- Texas AgriLife Extension Service expert is trying to help develop a production system that will help combat the drought and includes soybean varieties that mature earlier.
- Soybeans are riskier than sorghum or wheat.
- Looking for varieties that can be early planted and (for) which the bloom date coincides with more favorable growing conditions.
Very early planted indeterminate soybeans, on the right, work best in Texas, according to Dr. Travis Miller, Texas AgriLife Extension Service program leader in College Station. Plants were taller with the later planting dates (on the left), but yields were not better.
Soybeans aren’t new to Texas producers, but one Texas AgriLife Extension Service expert is trying to help develop a production system that will help combat the drought and includes soybean varieties that mature earlier.
Texas has always been the westernmost and southernmost state growing soybeans, with about 200,000 to 250,000 acres planted annually. Recently, though, drought conditions have caused a drop in acreage, according to Dr. Travis Miller, associate department head and AgriLife Extension program leader in the Texas A&M University soil and crop sciences department.
Soybeans are riskier than sorghum or wheat, he said. But having more than $14-per-bushel prices right now means there’s good money “if you can make a crop.”
Miller is participating in the Mid-South Soybean Consortium trials being planted in Texas, Oklahoma, Louisiana and Arkansas under the direction of Dr. Larry Purcell with the University of Arkansas.
Soybeans can be a determinant or indeterminate crop, he said. Indeterminate means the crop can put on blooms and continue to grow at the same time. Determinant, or late-maturing soybeans, must reach a certain photoperiod, or day length, before they bloom.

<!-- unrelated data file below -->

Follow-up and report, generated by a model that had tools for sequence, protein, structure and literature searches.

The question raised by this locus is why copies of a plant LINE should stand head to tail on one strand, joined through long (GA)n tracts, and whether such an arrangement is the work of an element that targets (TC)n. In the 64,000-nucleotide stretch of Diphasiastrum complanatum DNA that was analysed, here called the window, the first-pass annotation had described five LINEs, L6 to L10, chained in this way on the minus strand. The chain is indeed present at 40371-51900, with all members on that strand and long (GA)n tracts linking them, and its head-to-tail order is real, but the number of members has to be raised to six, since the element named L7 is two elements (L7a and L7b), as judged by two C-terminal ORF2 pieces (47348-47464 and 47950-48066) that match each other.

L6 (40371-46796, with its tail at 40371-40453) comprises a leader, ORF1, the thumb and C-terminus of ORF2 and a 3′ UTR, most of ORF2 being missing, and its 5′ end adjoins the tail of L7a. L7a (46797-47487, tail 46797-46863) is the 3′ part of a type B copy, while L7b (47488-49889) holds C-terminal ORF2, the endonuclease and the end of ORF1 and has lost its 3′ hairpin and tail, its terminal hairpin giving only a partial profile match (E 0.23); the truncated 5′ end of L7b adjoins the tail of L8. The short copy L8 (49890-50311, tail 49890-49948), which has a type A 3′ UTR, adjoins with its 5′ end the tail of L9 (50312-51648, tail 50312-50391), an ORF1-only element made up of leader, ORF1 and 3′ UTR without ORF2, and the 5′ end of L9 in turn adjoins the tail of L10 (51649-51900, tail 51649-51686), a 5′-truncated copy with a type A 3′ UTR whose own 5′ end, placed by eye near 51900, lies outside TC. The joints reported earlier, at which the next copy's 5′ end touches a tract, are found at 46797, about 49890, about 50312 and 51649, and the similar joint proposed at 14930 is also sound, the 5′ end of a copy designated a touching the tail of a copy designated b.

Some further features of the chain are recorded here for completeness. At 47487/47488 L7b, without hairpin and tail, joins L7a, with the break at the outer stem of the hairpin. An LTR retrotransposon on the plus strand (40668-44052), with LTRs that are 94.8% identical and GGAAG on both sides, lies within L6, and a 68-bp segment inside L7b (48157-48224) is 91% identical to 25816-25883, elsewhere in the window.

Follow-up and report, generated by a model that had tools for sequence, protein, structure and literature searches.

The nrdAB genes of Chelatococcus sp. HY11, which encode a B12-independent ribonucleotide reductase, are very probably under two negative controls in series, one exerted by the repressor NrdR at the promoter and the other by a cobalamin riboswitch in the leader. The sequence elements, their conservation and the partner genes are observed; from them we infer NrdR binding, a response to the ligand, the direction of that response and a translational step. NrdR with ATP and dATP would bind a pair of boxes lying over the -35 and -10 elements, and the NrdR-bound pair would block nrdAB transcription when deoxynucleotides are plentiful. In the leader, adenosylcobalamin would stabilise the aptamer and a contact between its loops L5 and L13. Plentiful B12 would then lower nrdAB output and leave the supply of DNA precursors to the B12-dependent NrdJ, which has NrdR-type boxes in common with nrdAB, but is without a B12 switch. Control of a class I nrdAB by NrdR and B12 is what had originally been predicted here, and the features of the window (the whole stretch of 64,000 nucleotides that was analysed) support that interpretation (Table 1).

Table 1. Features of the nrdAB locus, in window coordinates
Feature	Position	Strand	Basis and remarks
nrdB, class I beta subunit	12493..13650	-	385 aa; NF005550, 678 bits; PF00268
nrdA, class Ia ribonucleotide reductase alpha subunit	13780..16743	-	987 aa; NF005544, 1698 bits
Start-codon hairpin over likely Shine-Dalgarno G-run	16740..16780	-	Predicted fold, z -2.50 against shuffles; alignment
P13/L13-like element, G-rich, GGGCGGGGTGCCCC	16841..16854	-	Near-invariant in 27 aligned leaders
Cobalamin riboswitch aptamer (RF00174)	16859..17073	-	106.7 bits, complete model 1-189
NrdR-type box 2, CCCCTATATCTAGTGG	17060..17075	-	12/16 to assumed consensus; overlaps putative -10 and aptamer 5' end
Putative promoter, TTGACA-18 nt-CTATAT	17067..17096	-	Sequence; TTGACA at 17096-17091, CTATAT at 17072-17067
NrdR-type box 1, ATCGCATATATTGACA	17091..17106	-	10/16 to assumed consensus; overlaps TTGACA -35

“We are looking for varieties that can be early planted and (for) which the bloom date coincides with more favorable growing conditions,” Miller said.
College Station is the southernmost trial. This trial will include eight varieties—mixed between determinant and indeterminate options—with each planted on four different dates. The earliest planted was on March 26 and the latest will be planted early in June.
“We’re looking at the number of nodes per plant, plant height, bloom date—all factors that are affected by photoperiod and growing conditions,” Miller said.
Researchers hope to find plants that are less photoperiod sensitive to plant in regions with available sunshine and moisture.
Determinant soybeans generally grow from May to September, or about 160 days, while the indeterminate varieties can be planted as early as March and harvested in late July or early August, or less than 140 days.
The indeterminate plants will grow and set pods at the same time, allowing more height and more nodes, “and that’s what pays,” he said.
“It also fits our weather patterns better. We know we get rain in April and May and that’s the ideal time to set pods, so we would be able to use the weather patterns if we find good indeterminate varieties for this region.”
The overall goal is to minimize the risk and better utilize the weather and resources that we have, he said.
Texas soybeans are primarily grown in the upper Gulf Coast, south of Houston and around Beaumont, northeast Texas along the Red River and a smattering of irrigated acres on the High Plains.
Once completed, the data on Miller’s 2012 trials, as well as past trials, can be found on the http://varietytesting.tamu.edu website.